When doing your taxes as a sole proprietor, you will file a Form T2125 Statement of Business and Professional Activities along with your personal income tax.
When filing your taxes, you can claim tax deductions against business expenses such as home office equipment and supplies, and business-related accounting or legal fee, for example.
You can of course also make personal tax deductions under the same tax filing, as you normally would. Depending on your circumstances, things like charitable donations, certain medical expenses and more could be written off.
Collecting GST & PST
When it comes to sales tax, the general rule is that small businesses will have to collect both the Goods and Services Tax (GST) as well as the Provincial Sales Tax (PST) if your annual taxable supplies exceed $30,000 per annum. These taxes must be collected, registered and remitted to the relevant authority, and you’ll need to register for a GST/HST number in order to set up an account with the revenue authorities.
GST is a federal tax on the sale of most goods and services within Canada. For BC, GST is currently charged at 5%. The GST you collect from customers will then be remitted to the Canadian Revenue Agency (CRA).
PST is a provincial sales tax of 7% in BC, and applies to the sale of most goods and services in the province. Just as with GST, business owners are required to collect PST on their sales, which will be remitted to the BC Ministry of Finance.
Certain goods and services are exempt from these taxes. If you’re not sure whether your business is exempt from collecting GST or PST, you can check with the CRA or the BC Ministry of Finance respectively, to be sure.
Late payments to the CRA will generally accrue interest, and perhaps specific penalties in certain cases. Simple mistakes won’t cause you too much trouble, however intentionally mis-reporting your finances, or failing to pay at all, could make things difficult.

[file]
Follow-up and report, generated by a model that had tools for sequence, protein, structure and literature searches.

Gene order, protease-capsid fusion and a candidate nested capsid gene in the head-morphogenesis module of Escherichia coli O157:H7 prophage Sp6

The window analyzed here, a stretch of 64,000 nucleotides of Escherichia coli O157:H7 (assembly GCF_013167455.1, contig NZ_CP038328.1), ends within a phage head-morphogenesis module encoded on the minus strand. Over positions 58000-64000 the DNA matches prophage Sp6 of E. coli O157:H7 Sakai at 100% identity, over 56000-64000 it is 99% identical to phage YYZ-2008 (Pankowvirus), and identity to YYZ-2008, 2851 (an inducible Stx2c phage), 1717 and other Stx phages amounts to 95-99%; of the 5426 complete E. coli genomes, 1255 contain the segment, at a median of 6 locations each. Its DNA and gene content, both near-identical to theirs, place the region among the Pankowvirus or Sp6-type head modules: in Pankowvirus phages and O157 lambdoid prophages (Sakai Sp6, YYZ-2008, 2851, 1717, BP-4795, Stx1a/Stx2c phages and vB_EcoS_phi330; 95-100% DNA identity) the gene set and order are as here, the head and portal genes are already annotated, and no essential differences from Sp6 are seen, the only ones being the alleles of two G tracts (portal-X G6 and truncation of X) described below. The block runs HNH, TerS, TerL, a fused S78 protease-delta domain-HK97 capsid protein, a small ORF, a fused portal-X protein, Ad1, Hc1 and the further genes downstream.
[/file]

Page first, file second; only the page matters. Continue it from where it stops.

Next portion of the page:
For GST/HST there are potential penalties and fines depending on the severity of the mistake you’ve made. As a sole proprietor, if you’re unsure about how to file taxes or collect sales tax, it might be a good idea to contact a legal expert.
Remember that your business and personal finances are intertwined from a tax perspective, so it isn’t worth it to take risks.
Sole Proprietorship vs Incorporation
While incorporation is not as straightforward to establish as a sole proprietorship, there are several benefits that will apply depending on the nature of your business.
First of all, a corporation is a separate entity from the individual(s) who own it. This means finances, taxes and legal requirements are distinct. One of the major benefits of incorporation over sole proprietorship is that the owners of a corporation enjoy the financial protection of limited liability. If the business takes on debt that it can’t pay off, your personal assets won’t automatically be at risk.
Corporations also generally benefit from lower tax rates than those applied to sole proprietorships. Furthermore, if you want to raise capital in order to grow your business, doing so is much easier when your business is incorporated. You’ll also enjoy certain tax advantages.
With that said, however, establishing a corporation isn’t necessarily the best option for your business. Registering your business will take more work if you decide to incorporate. Plus corporations are more complex to maintain, especially compared to the low-maintenance of a sole proprietorship.
FAQs About Sole Proprietorships in BC
If you are operating your business under your own name (i.e. invoicing clients and customers with your legal name) then you don’t need to register for a sole proprietorship at all. You only need to register with the province of BC if you are using a business name other than your own, and you can register online. You can request and reserve your business name online for $30, and then register that name under sole proprietorship either online or in person at Service BC for $40.
No, not if you’re doing business under your own name. You only need to register a sole proprietorship in BC if you are doing business under a name that isn’t your own.
Depending on the nature of your business, however, you may have to register with the Ministry of Finance for PST remittance.
Proprietorships and corporations are different legal structures, and it isn’t possible to switch from one to another. However, the owner of a sole proprietorship can choose to incorporate their business at any point and simply dissolve their registered proprietorship.
Formally closing a sole proprietorship in BC is only necessary if you have previously registered one. If so, to close it you’ll have to file a dissolution notice with the Corporate Registry. This can be done by completing a Dissolution or Change of Partnership Registration Form.